Prostaglandins and Isoprostanes in Relation to Risk Factors for Atherosclerosis : Role of Inflammation and Oxidative Stress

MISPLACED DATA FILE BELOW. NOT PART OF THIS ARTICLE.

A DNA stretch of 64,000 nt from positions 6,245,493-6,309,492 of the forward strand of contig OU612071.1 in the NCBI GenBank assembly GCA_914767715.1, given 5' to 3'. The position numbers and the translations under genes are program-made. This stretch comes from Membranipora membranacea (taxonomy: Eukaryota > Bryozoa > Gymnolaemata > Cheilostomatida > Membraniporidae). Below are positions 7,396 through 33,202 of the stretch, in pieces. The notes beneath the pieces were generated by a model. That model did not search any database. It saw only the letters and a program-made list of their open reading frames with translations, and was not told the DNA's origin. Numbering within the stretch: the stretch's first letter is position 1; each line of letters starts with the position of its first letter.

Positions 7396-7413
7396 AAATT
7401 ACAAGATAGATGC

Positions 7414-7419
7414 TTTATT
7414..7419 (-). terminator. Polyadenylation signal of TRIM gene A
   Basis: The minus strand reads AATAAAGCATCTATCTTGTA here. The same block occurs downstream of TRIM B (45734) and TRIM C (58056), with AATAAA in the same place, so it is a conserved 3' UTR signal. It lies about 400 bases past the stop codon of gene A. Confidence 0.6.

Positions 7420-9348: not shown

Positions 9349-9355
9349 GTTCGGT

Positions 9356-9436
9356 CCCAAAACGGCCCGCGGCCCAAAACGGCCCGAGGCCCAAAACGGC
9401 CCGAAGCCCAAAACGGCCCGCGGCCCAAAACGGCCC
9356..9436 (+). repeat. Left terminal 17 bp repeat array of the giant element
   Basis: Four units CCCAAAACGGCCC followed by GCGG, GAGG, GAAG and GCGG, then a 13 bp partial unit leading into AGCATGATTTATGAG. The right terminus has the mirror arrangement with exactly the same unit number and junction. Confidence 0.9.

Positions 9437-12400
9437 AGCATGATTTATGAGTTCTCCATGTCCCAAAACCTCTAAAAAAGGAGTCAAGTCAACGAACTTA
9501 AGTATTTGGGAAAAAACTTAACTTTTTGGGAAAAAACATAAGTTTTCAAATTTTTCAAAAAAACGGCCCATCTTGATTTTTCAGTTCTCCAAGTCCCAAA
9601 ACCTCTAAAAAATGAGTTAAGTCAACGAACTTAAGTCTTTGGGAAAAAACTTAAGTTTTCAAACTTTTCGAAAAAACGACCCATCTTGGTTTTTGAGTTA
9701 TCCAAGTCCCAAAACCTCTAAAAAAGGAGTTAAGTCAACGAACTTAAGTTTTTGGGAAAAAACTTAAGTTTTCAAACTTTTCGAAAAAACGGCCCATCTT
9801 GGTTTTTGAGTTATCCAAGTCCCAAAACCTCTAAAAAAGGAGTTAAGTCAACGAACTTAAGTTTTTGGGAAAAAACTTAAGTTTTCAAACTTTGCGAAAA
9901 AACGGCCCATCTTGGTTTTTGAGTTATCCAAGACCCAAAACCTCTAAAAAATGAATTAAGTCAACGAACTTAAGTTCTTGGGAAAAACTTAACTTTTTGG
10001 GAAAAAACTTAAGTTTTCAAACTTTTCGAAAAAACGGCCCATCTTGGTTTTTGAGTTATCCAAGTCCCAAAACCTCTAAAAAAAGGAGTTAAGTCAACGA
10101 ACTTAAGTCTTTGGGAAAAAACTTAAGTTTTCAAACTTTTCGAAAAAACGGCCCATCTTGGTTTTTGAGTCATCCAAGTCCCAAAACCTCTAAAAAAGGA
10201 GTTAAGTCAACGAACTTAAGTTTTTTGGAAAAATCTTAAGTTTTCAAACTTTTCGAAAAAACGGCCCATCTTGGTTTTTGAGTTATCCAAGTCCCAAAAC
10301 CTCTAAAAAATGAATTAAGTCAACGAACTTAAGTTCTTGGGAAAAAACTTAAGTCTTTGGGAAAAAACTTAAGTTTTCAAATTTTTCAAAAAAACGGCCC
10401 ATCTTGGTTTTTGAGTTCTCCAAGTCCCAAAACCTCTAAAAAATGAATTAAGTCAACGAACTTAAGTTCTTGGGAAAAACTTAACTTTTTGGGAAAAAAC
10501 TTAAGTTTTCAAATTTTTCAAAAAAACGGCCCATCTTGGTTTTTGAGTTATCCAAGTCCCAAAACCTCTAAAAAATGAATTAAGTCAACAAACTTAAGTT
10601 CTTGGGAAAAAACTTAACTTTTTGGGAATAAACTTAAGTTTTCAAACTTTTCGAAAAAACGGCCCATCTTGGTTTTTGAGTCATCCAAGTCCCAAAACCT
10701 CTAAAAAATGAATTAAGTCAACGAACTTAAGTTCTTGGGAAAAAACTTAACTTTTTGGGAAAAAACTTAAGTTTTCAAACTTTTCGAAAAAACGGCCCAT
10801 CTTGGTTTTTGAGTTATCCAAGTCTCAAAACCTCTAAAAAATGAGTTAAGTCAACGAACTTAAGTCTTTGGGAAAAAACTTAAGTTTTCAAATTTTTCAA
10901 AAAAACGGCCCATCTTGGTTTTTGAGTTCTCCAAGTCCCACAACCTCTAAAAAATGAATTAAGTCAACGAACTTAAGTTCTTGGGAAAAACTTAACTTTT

Abstract: Inflammation and oxidative stress may be involved in atherogenesis. This thesis describes clinical studies of prostaglandin F2α (PGF2α), an inflammatory mediator, and the isoprostane 8-iso-PGF2α, a reliable indicator of oxidative stress, and cytokine-related inflammatory mediators and indicators in healthy subjects and in a population-based cohort of Swedish men. PGF2α and 8-iso-PGF2α formation in healthy subjects varied considerably between days with a mean intra-individual coefficient of variation of 41 % and 42 %, respectively. A morning urine sample reflected the basal level of 8-iso-PGF2α formation as accurately as a 24-hour urine collection, and represents a more practical alternative to the 24-hour urine collection in clinical studies. PGF2α formation (as measured by urinary 15-keto-dihydro-PGF2α) was increased in patients with type 2 diabetes and in smokers independent of other cardiovascular risk factors. These results indicated an on-going cyclooxygenase (COX)-mediated inflammatory reaction related to these conditions. Further, an increased formation of isoprostanes (as measured by urinary 8-iso-PGF2α) was found in patients with type 2 diabetes and in smokers, indicating a high level of oxidative stress in these men. The smokers had also increased levels of the cytokine interleukin-6, indicating an on-going cytokine-related inflammatory reaction. The inflammatory indicators C-reactive protein and serum amyloid A were related to overweight but not independently associated to type 2 diabetes. High levels of serum selenium in middle-aged men predicted reduced formation of PGF2α and 8-iso-PGF2α 27 years later.In summary, low-grade, chronic COX-mediated and possibly cytokine-related inflammation, and oxidative stress, seem to be joint features of type 2 diabetes and smoking, two major risk factors of atherosclerosis, in elderly men. Inflammation and oxidative stress may represent a possible common pathogenetic link between established risk factors for atherosclerosis and atherogenesis.
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